Yesterday Jim Rickards wrote in the Daily Reckoning Australia that Australia (the lucky country) is out of luck.
He explained how Australia hasn’t had a recession since 1991! But how this could be about to change.
The resources boom and house prices are what has driven the Australian economy.
“Housing data is not the full measure of economic success, but it’s a good proxy for wealth creation and general prosperity. The chart below shows Australian population growth and the increase in housing prices since Australia’s last recession.
Australian house prices rise
Two features stand out.
The increase in population has been material — up 35% overall with only a few dips along the way — and the increase in housing prices has been continuous with no material dips, up $500,000 per home on average.
The second feature is the high degree of correlation with population and home prices driving higher hand-in-hand.”
However in the past 5 years the Australia population increase has not been driven by increased birth rates. But instead by immigration mostly from Asia.
Ring any bells?
NZ Migration and Property Prices Highly Correlated
Here’s a chart we found for NZ migration and property prices. Unfortunately the chart is only up to 2014. However it shows a pretty good correlation between net migration and change in house prices.
Migration rose further from 2015 to 2017, peaking above 70,000. This year it is down to 65,000.
As we wrote back in July: Net Migration Falling – Could This Tip NZ into Recession?
Perhaps it should also come as no surprise that house prices are also easing back in New Zealand too.
Rickards next points out:
“That’s fine [migration growth] for Australia, and accounts in part for the record-setting recession-free stretch, but it begs a question: What happens if inflow of Chinese migrants and capital dries up?”
He believes an Australian recession is looming.
“What happens if China slows down and China’s binge on Australian exports slows with it?
Unfortunately for Australia, China is slowing down. Chinese purchases of Australian exports are slowing with it and China has tightened its regulations on outbound immigrants and capital account outflows.
Australia’s ‘Lucky Country’ status became centred on one nation, China, which has now changed the rules of the game.
An Australian recession may be in the offing after all, with predictable effects on Australian fiscal and monetary policy. Anticipating those policy changes presents a huge profit-making opportunity for investors.”
China Closes Its Capital Account and Falling Australian House Prices
He goes on to explain how the Chinese closed their capital account in 2016 which cut off Chinese capital outflows. This has had a negative impact on Australian house prices where they started falling in mid 2017 as shown in the below chart:
Source: CoreLogic; Capital Economics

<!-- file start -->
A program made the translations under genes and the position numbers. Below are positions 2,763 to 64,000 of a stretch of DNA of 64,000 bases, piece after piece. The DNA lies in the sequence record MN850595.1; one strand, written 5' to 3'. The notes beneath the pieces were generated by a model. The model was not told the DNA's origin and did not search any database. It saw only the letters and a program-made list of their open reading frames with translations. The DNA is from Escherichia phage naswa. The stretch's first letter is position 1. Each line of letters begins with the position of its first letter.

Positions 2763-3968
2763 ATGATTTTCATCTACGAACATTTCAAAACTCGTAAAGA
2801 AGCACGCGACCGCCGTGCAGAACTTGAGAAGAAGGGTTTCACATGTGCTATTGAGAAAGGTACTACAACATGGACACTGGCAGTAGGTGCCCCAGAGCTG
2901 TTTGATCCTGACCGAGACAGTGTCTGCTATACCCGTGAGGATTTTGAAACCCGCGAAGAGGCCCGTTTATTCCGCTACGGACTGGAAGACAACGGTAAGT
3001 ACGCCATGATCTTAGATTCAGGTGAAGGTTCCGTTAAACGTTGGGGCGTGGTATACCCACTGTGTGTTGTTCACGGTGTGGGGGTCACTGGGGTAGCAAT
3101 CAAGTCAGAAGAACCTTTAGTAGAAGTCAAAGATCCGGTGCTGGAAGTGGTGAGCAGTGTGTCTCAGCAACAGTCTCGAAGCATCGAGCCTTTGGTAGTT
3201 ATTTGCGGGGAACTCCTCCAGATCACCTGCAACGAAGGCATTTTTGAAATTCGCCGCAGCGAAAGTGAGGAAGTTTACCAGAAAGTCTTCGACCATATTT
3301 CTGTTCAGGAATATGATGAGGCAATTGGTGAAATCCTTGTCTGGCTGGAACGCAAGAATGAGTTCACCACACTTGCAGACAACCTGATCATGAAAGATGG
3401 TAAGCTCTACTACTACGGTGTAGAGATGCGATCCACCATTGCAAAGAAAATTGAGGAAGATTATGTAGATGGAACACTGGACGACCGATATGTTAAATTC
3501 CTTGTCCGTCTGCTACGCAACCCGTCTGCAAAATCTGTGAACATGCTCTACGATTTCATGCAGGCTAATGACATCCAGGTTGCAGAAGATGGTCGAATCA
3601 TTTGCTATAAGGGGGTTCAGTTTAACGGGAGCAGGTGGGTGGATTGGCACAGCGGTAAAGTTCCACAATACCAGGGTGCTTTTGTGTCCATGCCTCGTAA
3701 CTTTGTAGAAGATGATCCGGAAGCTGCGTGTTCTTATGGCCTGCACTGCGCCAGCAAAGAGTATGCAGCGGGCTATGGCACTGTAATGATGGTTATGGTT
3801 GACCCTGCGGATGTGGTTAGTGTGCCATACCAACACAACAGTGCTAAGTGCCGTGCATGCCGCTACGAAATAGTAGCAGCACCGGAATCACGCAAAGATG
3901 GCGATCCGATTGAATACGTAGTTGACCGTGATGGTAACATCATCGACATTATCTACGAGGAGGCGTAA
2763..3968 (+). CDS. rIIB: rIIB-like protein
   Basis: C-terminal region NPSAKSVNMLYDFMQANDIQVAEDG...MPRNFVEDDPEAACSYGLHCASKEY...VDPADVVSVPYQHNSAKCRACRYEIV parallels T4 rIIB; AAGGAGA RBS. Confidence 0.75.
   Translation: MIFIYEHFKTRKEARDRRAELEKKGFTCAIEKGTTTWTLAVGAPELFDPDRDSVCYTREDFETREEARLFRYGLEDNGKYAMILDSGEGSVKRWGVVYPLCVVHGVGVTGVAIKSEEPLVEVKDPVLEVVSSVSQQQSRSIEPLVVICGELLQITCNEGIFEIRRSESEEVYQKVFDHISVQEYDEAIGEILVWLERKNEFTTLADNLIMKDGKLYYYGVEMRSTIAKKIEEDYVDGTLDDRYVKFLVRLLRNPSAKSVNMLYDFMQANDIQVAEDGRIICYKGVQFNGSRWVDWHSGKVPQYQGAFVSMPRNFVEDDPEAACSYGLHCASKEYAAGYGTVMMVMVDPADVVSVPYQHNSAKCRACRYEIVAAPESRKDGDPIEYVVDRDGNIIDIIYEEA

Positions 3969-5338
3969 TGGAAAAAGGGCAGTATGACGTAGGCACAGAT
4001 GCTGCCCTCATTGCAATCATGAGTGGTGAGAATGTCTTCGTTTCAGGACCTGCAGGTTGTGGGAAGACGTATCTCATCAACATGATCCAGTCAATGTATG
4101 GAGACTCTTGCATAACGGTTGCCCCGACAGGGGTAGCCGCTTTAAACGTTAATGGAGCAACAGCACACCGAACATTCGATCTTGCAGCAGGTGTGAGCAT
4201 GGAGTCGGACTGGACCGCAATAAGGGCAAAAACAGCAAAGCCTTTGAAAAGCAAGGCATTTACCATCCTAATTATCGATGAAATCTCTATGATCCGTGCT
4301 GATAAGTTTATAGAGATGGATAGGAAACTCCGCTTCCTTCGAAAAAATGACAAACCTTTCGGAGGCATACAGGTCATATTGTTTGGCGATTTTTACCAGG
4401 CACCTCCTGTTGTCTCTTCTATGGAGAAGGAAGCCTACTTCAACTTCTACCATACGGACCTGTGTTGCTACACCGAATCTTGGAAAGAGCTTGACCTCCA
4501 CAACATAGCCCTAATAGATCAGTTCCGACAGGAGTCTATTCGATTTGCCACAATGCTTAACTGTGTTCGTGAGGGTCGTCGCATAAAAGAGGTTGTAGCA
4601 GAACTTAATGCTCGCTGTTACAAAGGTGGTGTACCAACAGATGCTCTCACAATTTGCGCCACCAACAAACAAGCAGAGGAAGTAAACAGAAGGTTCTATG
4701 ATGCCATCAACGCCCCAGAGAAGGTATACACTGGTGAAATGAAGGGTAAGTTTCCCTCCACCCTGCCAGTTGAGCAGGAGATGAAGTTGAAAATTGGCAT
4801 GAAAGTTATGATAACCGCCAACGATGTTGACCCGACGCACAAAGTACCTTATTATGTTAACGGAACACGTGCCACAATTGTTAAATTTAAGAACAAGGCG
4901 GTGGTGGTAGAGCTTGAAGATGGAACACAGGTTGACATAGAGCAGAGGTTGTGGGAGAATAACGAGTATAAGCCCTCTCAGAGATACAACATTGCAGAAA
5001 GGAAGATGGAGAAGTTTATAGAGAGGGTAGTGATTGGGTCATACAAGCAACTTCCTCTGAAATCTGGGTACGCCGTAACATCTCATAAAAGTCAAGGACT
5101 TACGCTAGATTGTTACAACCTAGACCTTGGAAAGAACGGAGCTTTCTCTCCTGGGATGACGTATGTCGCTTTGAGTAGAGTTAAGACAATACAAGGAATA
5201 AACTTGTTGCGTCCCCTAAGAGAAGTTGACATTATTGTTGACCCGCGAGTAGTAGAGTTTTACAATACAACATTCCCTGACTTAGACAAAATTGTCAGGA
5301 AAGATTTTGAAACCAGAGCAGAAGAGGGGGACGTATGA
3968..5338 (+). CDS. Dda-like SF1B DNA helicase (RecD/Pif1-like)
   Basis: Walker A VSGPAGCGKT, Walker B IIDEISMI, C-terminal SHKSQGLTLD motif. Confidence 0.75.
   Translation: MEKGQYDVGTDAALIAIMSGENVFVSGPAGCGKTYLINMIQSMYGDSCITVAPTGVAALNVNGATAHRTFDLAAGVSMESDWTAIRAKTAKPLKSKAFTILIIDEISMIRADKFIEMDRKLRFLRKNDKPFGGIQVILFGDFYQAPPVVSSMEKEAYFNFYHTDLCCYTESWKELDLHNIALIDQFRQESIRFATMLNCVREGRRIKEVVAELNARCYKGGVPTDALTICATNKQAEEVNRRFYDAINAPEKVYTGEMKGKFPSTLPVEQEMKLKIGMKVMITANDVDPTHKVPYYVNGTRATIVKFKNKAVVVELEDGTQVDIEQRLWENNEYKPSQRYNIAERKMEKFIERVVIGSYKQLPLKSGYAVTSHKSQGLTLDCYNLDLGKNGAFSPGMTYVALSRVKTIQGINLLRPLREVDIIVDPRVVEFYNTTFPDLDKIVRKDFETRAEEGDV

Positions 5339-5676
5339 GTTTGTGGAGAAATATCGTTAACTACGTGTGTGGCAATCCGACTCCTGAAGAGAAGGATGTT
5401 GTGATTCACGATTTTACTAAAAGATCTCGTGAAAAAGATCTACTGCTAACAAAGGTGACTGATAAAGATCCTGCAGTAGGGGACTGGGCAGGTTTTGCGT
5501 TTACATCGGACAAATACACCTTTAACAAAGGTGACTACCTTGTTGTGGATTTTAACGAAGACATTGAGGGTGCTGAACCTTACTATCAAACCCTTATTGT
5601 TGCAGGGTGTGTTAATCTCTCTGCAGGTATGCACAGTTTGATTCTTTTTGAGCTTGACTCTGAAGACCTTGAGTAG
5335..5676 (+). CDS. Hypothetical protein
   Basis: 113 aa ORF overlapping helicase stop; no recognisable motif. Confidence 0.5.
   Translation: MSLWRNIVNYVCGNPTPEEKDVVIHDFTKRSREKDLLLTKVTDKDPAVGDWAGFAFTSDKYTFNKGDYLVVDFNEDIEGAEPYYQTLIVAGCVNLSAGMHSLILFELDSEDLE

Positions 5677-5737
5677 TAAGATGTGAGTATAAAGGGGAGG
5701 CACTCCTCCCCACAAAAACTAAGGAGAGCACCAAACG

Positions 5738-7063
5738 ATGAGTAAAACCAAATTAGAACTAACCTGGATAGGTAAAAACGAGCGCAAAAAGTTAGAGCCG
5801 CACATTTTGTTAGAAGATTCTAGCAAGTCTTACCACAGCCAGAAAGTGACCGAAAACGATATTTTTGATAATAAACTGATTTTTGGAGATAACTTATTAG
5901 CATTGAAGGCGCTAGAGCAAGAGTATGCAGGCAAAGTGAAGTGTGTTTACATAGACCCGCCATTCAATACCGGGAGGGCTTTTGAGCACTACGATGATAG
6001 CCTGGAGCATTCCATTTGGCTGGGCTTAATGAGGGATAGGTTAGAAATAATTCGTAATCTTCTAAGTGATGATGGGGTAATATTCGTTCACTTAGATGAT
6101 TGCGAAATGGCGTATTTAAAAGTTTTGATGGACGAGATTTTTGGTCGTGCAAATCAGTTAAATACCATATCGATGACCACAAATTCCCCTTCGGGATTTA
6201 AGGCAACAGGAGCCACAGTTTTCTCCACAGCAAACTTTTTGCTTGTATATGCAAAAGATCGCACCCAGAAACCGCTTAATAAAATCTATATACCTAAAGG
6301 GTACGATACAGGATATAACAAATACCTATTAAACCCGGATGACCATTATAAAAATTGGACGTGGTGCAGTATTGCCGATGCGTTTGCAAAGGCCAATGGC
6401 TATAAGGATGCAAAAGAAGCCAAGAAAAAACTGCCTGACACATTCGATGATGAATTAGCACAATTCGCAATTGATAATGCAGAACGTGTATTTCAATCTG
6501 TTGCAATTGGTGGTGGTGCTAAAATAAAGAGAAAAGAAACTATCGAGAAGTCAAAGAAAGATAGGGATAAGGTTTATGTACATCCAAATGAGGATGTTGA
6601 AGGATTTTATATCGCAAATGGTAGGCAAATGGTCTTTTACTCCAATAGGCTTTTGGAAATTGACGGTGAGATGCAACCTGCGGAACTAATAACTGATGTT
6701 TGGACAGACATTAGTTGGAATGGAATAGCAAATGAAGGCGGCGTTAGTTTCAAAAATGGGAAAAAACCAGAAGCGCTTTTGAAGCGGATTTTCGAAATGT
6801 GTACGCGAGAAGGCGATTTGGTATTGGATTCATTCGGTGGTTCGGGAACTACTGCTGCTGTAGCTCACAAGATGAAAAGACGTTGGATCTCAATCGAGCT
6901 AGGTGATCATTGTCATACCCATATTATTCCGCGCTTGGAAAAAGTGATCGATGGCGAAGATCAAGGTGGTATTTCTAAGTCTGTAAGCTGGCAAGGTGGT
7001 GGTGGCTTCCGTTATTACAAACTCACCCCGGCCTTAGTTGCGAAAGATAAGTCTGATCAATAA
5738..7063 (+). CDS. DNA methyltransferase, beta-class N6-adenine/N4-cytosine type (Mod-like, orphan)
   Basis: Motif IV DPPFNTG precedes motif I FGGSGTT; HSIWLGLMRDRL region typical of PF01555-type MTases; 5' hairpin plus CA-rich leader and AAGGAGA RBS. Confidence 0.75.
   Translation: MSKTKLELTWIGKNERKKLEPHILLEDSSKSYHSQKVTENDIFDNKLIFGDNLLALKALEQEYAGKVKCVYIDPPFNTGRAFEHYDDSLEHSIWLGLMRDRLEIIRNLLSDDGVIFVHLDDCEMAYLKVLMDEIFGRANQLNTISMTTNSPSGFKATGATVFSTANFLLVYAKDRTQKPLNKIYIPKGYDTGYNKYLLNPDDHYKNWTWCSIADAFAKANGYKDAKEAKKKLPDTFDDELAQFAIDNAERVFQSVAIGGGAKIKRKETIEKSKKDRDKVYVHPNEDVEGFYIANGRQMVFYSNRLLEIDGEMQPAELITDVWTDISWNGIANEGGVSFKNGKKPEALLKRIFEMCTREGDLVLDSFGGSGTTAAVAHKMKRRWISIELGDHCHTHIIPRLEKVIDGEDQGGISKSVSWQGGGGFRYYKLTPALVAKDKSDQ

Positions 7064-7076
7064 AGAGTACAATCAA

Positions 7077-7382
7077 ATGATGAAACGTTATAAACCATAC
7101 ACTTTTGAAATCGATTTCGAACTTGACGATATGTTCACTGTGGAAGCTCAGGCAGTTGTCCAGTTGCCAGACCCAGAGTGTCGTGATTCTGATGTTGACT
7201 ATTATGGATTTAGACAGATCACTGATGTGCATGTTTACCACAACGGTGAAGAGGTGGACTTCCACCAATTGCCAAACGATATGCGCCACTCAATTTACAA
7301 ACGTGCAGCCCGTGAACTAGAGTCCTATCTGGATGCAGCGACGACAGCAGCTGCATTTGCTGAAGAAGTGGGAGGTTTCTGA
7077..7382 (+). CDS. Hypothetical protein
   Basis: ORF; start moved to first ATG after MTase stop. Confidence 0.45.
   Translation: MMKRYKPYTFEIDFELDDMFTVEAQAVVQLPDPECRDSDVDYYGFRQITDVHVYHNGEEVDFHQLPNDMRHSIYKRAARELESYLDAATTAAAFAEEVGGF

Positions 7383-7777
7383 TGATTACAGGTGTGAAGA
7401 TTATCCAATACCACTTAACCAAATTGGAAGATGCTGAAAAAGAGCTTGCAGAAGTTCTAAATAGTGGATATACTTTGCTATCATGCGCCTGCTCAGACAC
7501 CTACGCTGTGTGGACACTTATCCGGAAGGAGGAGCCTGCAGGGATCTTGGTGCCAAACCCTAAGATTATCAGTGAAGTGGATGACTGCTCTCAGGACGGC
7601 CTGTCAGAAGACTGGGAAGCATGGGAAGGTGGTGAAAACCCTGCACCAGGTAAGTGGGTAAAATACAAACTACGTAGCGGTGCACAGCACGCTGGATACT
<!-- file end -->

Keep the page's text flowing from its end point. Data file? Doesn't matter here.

“It shows the actual and potential paths of Australian house prices using 100 as a normalised cyclical peak. The solid blue line shows actual prices. The grey line is the US downturn after 2007. The black line is the average Australian downturn over the past 35 years. The blue dotted line is a projection of the existing trend from Capital Economics.
As you can see, investors are making a long-shot bet that the actual path will be better than the average, the forecast, and a US-style worst-case scenario.
In any case, this housing reversal in Australia will put the ball firmly in the Reserve Bank of Australia’s (RBA) court.
The RBA uses the same flawed models as the Fed and, as a result, has the same flawed forecasts.
As recently as 9 August 2018, RBA officially forecasted stronger growth, rising inflation, and gradually rising interest rates.
This forecast has given some strength to the Aussie dollar and to the Australian stock market generally.
Yet the RBA forecast gives no weight to a failing China. Real data, as opposed to model-based forecasts, tells the tale.
China is slowing and Chinese capital outflows have practically stopped.
This pulls the rug out from under Australian asset values. The asset value decline has already started in housing.
The Lucky Country is running out of luck.
I believe that it’s a matter of when, not if, the Australian economy enters a recession.”
How Does New Zealand Compare to Australia?
As noted already it appears migration is falling in New Zealand too. Like Australia this also seems to be coinciding with a pull back in house prices.
Much like the RBA, the Reserve Bank of New Zealand (RBNZ) also likely operates upon flawed models.
This is a marked turnaround.
If Rickards is right about Australia entering a recession before too long, then this also won’t be good news for New Zealand. As China and Australia are our 2 largest trade partners.
On top of this we also have the yield curve also getting close to indicating a pending recession in the USA. So we could be heading for a global slowdown within the next couple of years.